We investigated the spatial patterns of multiple myeloma (MM) incidence in the United States (US) between 2013 and 2017 to improve understanding of potential environmental risk factors for MM.
We analyzed the average county-level age-adjusted incidence rates (“ASR”) of MM between 2013 and 2017 in 50 states and the District of Columbia using the U.S. Cancer Statistics Public Use Databases. We firstly divided the ASR into quintiles and described spatial patterns using a choropleth map. To identify global and local clusters of the ASR, we performed the Spatial Autocorrelation (Global Moran’s I) analysis and the Anselin’s Local Indicator of Spatial Autocorrelation (LISA) analysis. We compared the means of selected demographic and socioeconomic factors between the clusters and counties of the whole US using Welch one-sided t-test.
We identified distinct spatial dichotomy of the ASR across counties. High ASR were observed in counties in the Southeast of the US as well as the Capital District (metropolitan areas surrounding Albany) and New York City in the state of New York, while low ASR were observed in counties in the Southwest and West of the US. The ASR showed a significant positive spatial autocorrelation. We identified two major high-high local clusters of the ASR in Georgia and Southern Carolina and five major low-low local clusters of the ASR in Alabama, Arizona, New Hampshire, Ohio, Oregon, and Tennessee. The racial population distribution may partly explain the spatial distribution of MM incidence in the US.
Findings from this study showed distinct spatial distribution of MM in the US and two high-high and five low-low local clusters. The non-random distribution of MM suggests that environmental exposures in certain regions may be important for the risk of MM.
- • A distinct spatial dichotomy of the MM ASR across counties in the US was present.
- • The MM ASR showed a significant positive spatial autocorrelation.
- • 2 major local high-high clusters and 5 major local low-low clusters were identified.
• The racial population distribution may partly explain the spatial distribution of MM incidence in the US.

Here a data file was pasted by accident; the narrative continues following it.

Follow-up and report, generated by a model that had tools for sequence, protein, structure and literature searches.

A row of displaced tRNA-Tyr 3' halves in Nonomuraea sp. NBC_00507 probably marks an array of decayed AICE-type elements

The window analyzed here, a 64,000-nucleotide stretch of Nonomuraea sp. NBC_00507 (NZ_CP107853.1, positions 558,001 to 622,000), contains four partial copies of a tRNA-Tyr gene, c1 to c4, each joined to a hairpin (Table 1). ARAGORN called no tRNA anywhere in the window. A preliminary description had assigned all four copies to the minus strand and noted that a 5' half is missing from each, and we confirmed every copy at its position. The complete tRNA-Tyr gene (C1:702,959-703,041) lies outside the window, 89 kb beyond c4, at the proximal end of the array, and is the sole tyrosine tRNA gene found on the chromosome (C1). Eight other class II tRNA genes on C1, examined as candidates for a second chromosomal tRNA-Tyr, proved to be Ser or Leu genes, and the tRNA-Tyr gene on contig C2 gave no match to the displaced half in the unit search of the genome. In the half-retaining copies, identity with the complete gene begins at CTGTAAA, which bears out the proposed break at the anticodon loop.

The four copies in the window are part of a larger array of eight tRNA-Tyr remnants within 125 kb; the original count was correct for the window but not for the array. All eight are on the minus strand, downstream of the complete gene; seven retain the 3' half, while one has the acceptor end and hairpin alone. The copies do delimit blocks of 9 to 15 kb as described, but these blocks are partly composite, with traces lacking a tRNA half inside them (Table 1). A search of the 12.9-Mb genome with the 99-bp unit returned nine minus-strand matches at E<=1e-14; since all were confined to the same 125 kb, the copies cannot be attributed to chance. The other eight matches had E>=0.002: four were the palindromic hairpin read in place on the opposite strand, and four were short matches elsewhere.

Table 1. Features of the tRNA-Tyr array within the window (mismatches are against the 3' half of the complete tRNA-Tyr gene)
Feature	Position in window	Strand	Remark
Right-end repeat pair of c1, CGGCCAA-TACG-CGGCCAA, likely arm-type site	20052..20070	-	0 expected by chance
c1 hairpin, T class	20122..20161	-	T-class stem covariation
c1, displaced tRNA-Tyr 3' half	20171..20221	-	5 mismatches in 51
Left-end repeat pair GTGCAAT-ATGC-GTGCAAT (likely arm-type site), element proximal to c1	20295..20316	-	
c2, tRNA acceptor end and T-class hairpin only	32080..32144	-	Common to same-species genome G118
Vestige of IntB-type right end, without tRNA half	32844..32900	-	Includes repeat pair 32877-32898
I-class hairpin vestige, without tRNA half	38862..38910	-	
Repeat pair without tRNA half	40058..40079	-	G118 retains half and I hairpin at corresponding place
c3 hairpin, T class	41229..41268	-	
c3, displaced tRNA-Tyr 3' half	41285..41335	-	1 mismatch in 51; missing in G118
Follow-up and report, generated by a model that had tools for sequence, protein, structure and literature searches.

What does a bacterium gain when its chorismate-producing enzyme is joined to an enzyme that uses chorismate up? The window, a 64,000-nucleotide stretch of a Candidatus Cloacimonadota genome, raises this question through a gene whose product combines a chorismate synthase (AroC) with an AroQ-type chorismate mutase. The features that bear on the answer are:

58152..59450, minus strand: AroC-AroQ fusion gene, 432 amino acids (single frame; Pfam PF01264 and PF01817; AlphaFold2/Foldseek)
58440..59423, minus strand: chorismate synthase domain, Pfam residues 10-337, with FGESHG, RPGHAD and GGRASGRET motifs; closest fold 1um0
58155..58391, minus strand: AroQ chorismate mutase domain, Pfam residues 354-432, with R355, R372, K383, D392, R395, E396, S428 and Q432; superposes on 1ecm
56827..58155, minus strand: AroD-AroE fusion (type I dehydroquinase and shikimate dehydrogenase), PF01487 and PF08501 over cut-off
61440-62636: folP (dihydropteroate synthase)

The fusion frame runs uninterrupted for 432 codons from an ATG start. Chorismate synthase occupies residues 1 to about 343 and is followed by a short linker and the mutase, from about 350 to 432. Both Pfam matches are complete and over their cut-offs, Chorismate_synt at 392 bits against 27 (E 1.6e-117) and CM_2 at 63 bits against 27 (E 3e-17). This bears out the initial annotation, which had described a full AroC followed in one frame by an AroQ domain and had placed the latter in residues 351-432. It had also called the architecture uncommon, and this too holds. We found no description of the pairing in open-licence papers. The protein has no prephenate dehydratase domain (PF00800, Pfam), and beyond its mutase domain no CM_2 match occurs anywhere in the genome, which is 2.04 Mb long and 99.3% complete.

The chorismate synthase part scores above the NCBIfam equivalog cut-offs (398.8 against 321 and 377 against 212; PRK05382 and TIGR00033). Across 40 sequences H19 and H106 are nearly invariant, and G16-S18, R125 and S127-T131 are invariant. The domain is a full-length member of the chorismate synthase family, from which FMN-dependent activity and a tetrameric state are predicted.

Multiple myeloma (MM) is a malignancy characterized by clonal expansion of malignant plasma cells in the bone marrow, with a median survival of about 6 years . It is the second most common hematologic malignancies in the United States (US), affecting 32,270 estimated new cases and 12,830 estimated deaths in 2022 . MM is more common in males than females, and is twice as common in Blacks than Whites . MM remains mostly incurable, highlighting a critical need to identify risk factors for appropriate prevention.
Despite extensive epidemiology research in the past two decades, including works from the International Lymphoma Epidemiology Consortium (InterLymph) Myeloma Working Group, risk factors for MM, and racial/ethnic disparities in particular, remain poorly understood . To date, known risk factors for MM include genetic susceptibility, a family history of MM , older age , monoclonal gammopathy of undetermined significance (MGUS) , and obesity . Findings are inconsistent on risk factors such as occupational exposure to ionizing radiation , pesticides , and occupations such as firefighter, hairdresser and metal processer . Importantly, these risk factors do not fully explain the excess risk of MM in Blacks.
To improve our understanding of potential environmental risk factors for MM, we conducted a geospatial analysis of population-based MM incidence between 2013 and 2017 in the US. We hypothesized that the distribution of MM incidence in the US is not random. Our goal is to identify both global clusters and local outliers of MM incidence that could provide insights on etiologic factors.